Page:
To the editor: George Skelton, who opposes efforts to make President Trump release his tax returns, is not wrong to say that “even a president has some right of privacy,” but he is out of touch with what’s happening in the country.
Pressed to release his tax returns, even President Nixon said: “The confidentiality of my private finances is far less important to me than the confidence of the American people in the integrity of the president.”
Trump’s integrity is under a dark cloud of suspicion. We wonder if Trump’s financial dealings influenced his easing of sanctions against Russia. The Donald J. Trump Foundation agreed to shut down amid allegation of illegal conduct. The possible nexus between Trump’s finances and his decision-making is deeply troubling.
It is essential that as with every presidential candidate since Nixon, we the people see Trump’s tax returns.
Alan Rachins, Los Angeles
To the editor: Seeing Trump’s returns is necessary to ensure conformity with the Constitution’s emoluments clause. It’s a way for us to know that the president is not enriching himself at the expense of Americans.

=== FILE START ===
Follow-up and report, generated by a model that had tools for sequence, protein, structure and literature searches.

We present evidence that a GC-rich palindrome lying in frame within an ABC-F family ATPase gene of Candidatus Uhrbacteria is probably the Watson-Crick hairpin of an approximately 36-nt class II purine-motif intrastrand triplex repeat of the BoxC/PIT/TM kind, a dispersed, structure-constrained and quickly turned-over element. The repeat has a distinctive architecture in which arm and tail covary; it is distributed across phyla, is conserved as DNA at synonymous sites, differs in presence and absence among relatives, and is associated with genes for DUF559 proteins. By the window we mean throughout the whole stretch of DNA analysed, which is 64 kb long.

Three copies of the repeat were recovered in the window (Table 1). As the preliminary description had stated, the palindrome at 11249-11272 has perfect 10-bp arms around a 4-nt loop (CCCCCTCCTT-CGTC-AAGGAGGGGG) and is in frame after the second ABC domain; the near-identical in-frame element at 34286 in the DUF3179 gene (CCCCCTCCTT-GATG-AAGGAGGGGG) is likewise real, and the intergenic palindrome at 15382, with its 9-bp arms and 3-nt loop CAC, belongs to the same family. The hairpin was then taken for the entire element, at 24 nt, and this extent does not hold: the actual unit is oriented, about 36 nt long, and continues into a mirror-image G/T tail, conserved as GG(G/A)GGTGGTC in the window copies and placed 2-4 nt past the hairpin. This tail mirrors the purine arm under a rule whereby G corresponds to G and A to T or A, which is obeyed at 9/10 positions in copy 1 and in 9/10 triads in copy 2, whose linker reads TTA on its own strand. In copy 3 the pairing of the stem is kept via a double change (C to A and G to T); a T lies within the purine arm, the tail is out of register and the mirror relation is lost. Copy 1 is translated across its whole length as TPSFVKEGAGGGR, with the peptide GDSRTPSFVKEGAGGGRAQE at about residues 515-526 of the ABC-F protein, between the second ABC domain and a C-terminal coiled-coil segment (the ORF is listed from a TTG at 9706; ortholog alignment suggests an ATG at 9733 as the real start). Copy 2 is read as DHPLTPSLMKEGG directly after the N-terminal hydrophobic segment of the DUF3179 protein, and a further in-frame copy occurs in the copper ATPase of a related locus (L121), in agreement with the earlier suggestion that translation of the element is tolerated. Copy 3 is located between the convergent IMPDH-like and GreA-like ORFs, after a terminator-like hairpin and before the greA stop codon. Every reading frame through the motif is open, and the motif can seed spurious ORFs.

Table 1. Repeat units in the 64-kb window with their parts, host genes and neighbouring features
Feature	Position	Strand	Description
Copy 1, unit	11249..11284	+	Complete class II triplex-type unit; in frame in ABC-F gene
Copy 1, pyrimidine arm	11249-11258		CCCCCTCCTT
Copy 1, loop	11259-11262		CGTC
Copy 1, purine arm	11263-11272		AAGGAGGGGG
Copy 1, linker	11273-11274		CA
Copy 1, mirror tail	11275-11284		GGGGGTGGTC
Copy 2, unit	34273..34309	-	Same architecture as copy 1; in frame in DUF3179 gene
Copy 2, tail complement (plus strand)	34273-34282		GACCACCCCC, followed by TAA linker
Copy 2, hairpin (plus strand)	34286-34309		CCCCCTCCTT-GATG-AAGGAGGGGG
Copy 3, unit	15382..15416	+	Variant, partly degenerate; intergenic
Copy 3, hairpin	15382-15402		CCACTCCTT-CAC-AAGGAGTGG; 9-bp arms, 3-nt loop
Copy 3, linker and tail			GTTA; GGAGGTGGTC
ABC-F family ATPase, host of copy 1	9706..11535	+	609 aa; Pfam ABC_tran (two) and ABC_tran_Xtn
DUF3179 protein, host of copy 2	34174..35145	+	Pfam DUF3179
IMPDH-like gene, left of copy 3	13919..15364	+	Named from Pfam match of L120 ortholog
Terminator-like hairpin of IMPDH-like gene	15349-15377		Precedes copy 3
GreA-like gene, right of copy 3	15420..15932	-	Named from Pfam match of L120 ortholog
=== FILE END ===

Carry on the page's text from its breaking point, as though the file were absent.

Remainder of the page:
Trump should have nothing to fear if he has nothing to hide. But with this character, should anyone really trust him to be on the up-and-up? Literally the integrity of our nation has been put to the test with this guy, and the thumbing of his nose at us is unpresidential.
If you want a leader who doesn’t comport to shared values and ethics, move to Russia.
Mike Aguilar, Costa Mesa
To the editor: Skelton misses an important point about Trump releasing his tax returns: He said he would.The president should be a man of his word.
Marty Motia, La Cañada Flintridge